Knowing what I do about the SPLA, I am prepared to dislike Deng. Compact, scar-faced, blinded in one eye, he promenades around the refugee lean-tos of Biem with a lackey in tow, carrying his chair. Yet there is also an ineffable sadness about him. His entire family—a wife, child, and four brothers—have been wiped out in the current phase of the civil war, which erupted in 1983. Such stupefying losses pervade life in the south. They surface all the time in small, melancholy gestures.
Like the way Deng announces the name of his soldier who is killed, shot down and abandoned, on the ill-fated patrol that I attempt to accompany into the oil fields. "Mayak Arop," he sighs, waving a gnarled hand over a map of the expanding government oil roads, as if wishing to wipe them away.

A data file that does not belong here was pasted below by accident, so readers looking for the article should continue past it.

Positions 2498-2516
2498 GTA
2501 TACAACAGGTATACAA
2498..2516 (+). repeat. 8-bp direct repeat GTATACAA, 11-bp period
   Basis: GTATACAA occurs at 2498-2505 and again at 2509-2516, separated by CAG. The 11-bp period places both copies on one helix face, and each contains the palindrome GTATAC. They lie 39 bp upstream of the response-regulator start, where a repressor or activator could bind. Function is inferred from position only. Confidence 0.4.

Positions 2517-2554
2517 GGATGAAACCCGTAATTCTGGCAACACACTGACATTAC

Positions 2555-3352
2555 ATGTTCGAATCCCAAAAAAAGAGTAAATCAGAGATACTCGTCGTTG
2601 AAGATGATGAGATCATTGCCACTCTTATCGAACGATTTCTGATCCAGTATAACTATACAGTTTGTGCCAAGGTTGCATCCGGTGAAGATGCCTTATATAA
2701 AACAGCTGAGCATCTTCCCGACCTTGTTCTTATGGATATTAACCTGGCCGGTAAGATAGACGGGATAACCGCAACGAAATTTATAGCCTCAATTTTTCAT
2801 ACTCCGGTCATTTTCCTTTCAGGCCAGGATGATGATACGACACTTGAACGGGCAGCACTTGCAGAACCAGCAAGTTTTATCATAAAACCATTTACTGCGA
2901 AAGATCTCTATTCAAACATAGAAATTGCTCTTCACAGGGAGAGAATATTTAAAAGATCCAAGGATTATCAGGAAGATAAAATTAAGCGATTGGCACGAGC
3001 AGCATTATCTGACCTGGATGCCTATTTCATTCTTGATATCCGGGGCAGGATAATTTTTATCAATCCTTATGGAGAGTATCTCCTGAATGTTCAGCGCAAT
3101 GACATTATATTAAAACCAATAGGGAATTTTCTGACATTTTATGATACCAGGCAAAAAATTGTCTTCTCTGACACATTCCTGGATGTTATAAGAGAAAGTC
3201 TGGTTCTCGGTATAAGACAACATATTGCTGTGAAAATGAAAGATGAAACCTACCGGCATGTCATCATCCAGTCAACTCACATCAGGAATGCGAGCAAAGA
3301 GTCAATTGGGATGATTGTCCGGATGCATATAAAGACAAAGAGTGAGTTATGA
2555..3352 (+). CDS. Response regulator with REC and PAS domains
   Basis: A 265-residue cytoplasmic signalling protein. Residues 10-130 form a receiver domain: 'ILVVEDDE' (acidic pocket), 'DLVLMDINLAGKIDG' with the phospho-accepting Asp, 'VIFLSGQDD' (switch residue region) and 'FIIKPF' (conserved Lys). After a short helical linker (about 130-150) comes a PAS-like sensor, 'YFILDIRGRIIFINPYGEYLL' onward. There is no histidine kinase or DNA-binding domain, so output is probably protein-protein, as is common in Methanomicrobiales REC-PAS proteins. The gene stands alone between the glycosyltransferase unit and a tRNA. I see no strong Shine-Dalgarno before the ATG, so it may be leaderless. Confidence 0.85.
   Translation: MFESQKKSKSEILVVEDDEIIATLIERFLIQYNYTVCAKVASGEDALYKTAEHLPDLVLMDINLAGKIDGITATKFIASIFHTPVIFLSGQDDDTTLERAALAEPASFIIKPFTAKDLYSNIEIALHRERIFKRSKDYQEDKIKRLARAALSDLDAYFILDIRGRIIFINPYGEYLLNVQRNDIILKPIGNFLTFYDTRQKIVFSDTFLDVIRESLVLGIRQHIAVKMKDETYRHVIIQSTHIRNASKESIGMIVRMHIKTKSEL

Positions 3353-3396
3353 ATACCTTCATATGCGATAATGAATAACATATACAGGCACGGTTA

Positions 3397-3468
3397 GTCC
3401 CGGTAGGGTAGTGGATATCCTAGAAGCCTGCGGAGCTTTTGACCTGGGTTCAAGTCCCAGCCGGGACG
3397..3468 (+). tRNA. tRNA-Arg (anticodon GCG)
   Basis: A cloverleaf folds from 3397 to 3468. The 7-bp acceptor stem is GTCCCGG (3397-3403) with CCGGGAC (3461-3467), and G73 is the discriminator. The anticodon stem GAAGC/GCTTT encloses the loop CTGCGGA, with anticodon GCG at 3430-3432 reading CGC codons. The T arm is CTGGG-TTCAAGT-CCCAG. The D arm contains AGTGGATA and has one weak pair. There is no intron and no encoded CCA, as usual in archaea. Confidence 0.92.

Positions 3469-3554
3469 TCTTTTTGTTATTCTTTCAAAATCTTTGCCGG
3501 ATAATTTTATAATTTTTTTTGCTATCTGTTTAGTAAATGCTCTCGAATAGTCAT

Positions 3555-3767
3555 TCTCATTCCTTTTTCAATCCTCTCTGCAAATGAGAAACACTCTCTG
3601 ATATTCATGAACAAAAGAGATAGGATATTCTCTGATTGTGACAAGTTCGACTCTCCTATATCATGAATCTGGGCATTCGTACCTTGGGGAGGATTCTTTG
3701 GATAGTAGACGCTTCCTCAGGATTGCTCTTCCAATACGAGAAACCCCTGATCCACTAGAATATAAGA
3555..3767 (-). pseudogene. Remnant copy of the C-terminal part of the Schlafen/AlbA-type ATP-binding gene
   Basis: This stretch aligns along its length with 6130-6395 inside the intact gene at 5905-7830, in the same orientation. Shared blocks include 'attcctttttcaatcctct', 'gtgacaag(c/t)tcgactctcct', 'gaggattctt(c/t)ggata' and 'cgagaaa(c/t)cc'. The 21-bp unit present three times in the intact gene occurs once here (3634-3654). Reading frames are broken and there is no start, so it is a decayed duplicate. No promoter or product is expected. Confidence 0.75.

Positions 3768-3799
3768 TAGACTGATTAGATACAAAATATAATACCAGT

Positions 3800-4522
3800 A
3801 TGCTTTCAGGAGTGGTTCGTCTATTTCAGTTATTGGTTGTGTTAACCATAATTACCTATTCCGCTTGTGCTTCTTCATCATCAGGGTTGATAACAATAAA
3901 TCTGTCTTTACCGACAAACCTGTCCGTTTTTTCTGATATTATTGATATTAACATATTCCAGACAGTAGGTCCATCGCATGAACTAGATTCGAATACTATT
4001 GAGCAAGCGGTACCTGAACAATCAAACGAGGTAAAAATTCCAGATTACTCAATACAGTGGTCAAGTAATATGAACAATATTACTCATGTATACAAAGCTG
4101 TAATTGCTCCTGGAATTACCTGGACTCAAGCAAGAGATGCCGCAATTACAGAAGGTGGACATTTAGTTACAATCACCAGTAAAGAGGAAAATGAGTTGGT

Or, in the way a bowl-bellied Dinka girl stamps out a pretty little dance on a dusty path in Biem, oblivious to the thousands of haunted figures camped in the bush around her.
Or, in the answers to a simple question.
What color is oil?
"It's like cow urine," says Chan Akuei, an old herder at Biem with a belly wrinkled like elephant skin. Government troops have shot his cows, an incomprehensible crime in the Dinka universe. The Dinka adore their cattle. They rarely kill them for meat, and compose songs about their favorite animals. Akuei cannot stop talking about his murdered livestock.
"It is as clear as water," says a boy in Koch, a nearby frontline village. He is a member of an ethnic Nuer militia. The last I see of him, he is marching off at dawn to attack an oil road along with hundreds of other rebels—many of them children.
Nyanayule Arop Deng (the name Deng is common among the Dinka) doesn't know the color of oil. She sits by her skeletal husband, who is dying of kala-azar, a wasting disease that has killed tens of thousands in the oil zone. "All I know is the lights," she says dully. "They appear at night. We don't go near them."